Wednesday, December 14, 2016

Google Says Driverless Cars Are Ready To Make Money, But We Won’t Know If They Do

Alphabet spins autonomous-car efforts into new unit called Waymo, but will still bury finances in ‘Other Bets’ category.


By Therese Poletti
MarketWatch
December 14, 2016

Alphabet Inc. has changed its self-driving cars business, creating a separate entity called Waymo that plans to sell autonomous technology instead of building its own cars, but Google’s parent company won’t change the way it hides the effort’s finances.

At a small press event in San Francisco on Tuesday, executives described Waymo as graduating from the Google X research lab, where driverless technology has been in the works for eight years. Alphabet GOOGL, +0.92% GOOG, +0.87% said Waymo was ready to begin producing revenue, with plans to license its technology to other companies instead of producing its own cars.

Alphabet does not plan to share how much revenue Waymo brings in nor how profitable it is, however. Google’s parent company confirmed Tuesday that Waymo’s financial results will be lumped in with all its other non-Google businesses, in a bucket called “Other Bets.”

Alphabet Chief Financial Officer Ruth Porat has cautioned investors on the company’s conference calls that the Other Bets business results need to be viewed over a “long horizon” because the results can be erratic, or “lumpy” in corporate speak, because they are considered “early stage.” In Alphabet’s most recent quarter, it reported that “Other Bets” reaped $197 million in revenue—primarily from Nest, Google Fiber and Verily—but with an operating loss of $865 million.

Waymo is expected to start up a ride-hailing service with self-driving cars by the end of 2017, through its partnership with Fiat Chrysler Automobiles NV FCAU, +1.89% But other traditional auto makers , such as Ford Motor Co. F, -0.39% and General Motors Co. GM, +0.70% , have their own efforts at self-driving cars, and a ride-hailing service would jump into very competitive turf.

The ride-hailing business is currently dominated by Uber Technologies Inc., which already has an established rival in Lyft Inc. Uber already has self-driving cars giving rides to customers in Pittsburgh, and Lyft is working with GM on autonomous driving. Alphabet’s increasing rivalry with Uber led to venture exec David Drummond stepping down from Uber’s board last August, where Google had a seat because its venture arm is one of the many investors in Uber.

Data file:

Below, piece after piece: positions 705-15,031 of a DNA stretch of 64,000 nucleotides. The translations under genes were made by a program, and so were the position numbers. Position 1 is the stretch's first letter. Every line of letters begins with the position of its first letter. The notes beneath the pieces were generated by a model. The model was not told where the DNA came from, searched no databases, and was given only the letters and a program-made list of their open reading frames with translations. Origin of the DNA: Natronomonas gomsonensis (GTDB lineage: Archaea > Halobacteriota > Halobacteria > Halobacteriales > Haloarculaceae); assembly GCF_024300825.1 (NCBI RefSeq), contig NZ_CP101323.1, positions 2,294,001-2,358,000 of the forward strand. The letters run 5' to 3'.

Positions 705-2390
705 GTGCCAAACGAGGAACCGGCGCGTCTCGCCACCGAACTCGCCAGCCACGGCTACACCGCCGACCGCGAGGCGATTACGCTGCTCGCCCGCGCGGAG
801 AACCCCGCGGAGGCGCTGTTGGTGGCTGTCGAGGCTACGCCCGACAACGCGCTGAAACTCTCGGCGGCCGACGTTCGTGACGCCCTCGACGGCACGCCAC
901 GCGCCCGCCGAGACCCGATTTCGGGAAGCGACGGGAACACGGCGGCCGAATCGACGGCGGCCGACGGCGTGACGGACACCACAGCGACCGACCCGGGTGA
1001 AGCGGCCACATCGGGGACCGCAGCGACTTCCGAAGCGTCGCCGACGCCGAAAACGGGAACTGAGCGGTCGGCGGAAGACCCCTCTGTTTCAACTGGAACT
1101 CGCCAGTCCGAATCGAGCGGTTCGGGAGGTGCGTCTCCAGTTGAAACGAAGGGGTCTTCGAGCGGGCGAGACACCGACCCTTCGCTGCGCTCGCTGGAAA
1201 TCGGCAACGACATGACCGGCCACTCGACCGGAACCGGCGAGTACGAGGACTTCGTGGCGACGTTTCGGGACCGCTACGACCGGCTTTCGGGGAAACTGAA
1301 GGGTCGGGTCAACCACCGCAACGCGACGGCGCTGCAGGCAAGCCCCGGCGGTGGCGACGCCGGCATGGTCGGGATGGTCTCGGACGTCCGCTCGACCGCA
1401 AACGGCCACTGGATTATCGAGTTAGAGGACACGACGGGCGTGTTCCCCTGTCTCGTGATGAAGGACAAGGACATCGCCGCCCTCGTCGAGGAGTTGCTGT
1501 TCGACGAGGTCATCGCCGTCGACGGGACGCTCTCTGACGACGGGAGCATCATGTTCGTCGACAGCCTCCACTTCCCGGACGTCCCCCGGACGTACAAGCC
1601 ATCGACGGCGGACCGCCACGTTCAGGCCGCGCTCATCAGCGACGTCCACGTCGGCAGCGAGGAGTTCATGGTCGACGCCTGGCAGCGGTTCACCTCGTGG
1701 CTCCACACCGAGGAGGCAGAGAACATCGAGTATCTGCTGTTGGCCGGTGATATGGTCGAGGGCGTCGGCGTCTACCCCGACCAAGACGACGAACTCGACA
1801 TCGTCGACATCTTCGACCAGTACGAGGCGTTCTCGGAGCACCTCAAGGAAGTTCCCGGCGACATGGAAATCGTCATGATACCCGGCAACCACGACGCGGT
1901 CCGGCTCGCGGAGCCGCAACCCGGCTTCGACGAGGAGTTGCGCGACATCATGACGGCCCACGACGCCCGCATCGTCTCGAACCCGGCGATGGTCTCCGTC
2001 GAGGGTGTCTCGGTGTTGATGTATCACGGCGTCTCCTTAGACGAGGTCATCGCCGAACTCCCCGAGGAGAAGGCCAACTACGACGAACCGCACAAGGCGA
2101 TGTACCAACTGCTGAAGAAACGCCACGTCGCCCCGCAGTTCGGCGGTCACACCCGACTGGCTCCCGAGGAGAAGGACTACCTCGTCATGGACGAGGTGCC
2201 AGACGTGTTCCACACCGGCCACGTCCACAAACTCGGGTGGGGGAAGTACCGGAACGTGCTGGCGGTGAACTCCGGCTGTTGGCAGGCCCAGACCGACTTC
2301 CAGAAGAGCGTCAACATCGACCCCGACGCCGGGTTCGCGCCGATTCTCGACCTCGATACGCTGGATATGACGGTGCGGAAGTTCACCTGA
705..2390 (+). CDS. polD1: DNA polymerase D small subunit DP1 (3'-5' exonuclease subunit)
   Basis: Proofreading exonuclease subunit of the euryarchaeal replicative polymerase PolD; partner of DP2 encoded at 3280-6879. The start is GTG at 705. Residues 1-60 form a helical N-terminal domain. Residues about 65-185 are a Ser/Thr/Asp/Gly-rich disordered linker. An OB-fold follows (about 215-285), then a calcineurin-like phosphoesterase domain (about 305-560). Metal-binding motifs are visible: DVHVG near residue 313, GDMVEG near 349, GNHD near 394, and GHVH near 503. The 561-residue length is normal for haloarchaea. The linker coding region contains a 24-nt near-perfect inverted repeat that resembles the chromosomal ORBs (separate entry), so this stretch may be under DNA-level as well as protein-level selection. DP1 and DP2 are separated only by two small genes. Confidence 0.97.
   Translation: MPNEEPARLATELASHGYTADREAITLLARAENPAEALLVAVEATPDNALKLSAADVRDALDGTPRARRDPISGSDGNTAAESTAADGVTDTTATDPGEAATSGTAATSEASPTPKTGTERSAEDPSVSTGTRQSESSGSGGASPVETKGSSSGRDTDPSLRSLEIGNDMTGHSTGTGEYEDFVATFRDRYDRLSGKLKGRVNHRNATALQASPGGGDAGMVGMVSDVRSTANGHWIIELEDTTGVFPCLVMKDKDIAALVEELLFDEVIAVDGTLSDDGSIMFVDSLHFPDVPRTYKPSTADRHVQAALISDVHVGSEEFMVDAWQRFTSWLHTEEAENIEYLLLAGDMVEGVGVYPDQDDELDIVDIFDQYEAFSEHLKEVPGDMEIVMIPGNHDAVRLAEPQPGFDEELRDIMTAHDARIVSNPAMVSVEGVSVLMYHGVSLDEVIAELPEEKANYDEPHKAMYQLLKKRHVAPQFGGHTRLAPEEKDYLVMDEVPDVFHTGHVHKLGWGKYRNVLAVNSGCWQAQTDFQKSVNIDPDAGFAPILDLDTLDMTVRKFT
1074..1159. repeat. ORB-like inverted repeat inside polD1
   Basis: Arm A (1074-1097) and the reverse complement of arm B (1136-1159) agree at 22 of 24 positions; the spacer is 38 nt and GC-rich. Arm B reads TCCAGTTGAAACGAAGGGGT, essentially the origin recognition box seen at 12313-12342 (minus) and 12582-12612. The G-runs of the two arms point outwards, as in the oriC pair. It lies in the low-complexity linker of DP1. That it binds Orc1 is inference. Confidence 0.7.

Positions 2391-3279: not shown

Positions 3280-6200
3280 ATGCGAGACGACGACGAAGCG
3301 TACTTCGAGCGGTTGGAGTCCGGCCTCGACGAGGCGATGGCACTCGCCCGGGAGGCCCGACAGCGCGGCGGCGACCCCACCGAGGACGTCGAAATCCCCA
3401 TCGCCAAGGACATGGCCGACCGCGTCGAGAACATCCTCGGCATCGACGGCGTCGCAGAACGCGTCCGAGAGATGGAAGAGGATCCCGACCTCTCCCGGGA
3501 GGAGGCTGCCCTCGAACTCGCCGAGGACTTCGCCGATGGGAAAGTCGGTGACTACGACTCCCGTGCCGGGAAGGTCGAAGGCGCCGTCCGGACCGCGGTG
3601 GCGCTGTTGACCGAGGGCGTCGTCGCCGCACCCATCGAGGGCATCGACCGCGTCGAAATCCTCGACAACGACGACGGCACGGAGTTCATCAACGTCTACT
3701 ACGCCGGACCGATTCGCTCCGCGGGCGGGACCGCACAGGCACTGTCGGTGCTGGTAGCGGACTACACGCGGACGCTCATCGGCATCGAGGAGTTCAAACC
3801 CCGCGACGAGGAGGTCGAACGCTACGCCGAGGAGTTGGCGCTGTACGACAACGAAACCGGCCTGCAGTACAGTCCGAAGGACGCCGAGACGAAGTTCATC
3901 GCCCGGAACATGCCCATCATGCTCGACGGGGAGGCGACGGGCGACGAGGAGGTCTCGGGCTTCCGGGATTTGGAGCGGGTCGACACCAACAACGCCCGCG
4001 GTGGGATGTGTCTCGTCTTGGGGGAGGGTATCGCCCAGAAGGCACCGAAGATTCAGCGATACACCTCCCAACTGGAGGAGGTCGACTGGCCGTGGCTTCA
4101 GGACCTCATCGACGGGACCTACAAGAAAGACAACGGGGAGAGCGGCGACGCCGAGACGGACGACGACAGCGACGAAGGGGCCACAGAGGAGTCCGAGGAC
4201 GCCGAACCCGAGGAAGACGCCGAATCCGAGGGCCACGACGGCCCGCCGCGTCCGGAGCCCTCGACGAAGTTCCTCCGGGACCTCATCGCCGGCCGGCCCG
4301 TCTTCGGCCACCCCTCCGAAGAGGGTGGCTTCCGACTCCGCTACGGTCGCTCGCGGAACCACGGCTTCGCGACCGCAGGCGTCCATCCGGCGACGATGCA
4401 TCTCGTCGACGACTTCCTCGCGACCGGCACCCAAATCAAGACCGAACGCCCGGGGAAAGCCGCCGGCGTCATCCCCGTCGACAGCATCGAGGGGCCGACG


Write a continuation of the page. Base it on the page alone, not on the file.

In fact, the biggest prize for Alphabet in this venture may not be money. As in its hardware effort, the real potential is for the ad and search giant to get more data on consumers, Kelley Blue Book analyst Karl Brauer noted. In fact, Brauer contended that partnerships with traditional auto makers have been troublesome for Alphabet because of disagreements about which company will control drivers’ data. .

“The personal data generated by self-driving automobiles will offer a wealth of marketing opportunities, creating a secondary business model that goes beyond personal transportation services,” Brauer said.

Even though Google’s self-driving car project is seen as the farthest along of all efforts in self driving cars, Waymo’s new direction seems unlikely to generate much in direct revenue for now. With the competition steadily growing in all sectors of this potential market, it could be blocked from any financial success for a long while, and investors won’t know for sure as long as Alphabet keeps it in the “Other Bets” category.


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